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I think you're bringing up a very interesting distinction, which is too often blurred in our field(s). This reminds me of an interesting story -

A friend of mine from college (call him George) went to the ACM programming contest. He brought his girlfriend along as a member of his team. The third member was assigned one problem to solve during the three hours. George solved the other five problems by writing the algorithms down on paper and handing them to his girlfriend (who knew enough to compile, debug, and test - she was a freshman CS major). George didn't actually touch a computer during the entire contest.

A similar distinction can be made in game of Magic: the Gathering. A friend of mine is a world-class deck designer, but has never made much money at the tournaments. Another friend can win with any deck handed to him, but cannot design a world-class deck to save his life. A good team will have members of both types.

Maybe this is similar to the difference between theoretical scientists, applied scientists, engineers, and businessmen.

  • The theoretical scientist figures out new avenues to explore.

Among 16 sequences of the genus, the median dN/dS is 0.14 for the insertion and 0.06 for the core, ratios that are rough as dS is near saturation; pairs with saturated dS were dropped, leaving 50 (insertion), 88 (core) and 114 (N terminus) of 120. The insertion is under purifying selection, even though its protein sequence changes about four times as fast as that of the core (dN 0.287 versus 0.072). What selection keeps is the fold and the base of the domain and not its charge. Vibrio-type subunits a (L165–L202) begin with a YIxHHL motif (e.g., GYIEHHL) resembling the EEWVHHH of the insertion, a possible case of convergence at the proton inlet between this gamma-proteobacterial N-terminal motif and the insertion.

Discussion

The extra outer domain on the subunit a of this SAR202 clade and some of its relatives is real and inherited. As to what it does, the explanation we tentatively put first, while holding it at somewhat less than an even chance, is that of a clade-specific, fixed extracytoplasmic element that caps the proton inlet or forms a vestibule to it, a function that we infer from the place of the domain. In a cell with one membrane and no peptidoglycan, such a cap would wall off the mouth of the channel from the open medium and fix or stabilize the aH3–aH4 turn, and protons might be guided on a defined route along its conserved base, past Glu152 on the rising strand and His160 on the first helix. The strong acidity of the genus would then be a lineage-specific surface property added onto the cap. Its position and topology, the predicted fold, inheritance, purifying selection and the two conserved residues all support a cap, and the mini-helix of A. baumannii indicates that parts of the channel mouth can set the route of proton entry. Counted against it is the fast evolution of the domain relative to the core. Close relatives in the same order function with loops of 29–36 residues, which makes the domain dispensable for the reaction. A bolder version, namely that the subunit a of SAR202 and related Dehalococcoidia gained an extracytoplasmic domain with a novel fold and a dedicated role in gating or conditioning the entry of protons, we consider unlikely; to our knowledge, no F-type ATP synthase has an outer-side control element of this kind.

• The applied scientist actually explores the new avenues and figures out what the limits are.
  • The engineer figures out how to make a prototype of some new device, based on the new physics.
  • The businessman figures out how to actually bring that prototype to the public.

A good example of this could be powered flight.

  • Galileo figured out that flight was possible.
  • Bernoulli figured out the optimum wing design for flight.
  • The Wright Brothers proved a prototype could work.
  • The Boeing corporation mass-produced airplanes.

In our field, you have a similar hierarchy.

  • Charles Babbage figures out that computing is possible.
  • Dijkstra et al. actually figure out how to make computing work, algorithmically.
  • TheDamian actually figures out code that makes the crazy stuff work.
  • You and I make money on it.

We are the carpenters and bricklayers of the Information Age.

Then there are Damian modules.... *sigh* ... that's not about being less-lazy -- that's about being on some really good drugs -- you know, there is no spoon. - flyingmoose

I shouldn't have to say this, but any code, unless otherwise stated, is untested

In reply to Re: Problem Domains and Multiple Disciplines by dragonchild
in thread Problem Domains and Multiple Disciplines by Velaki

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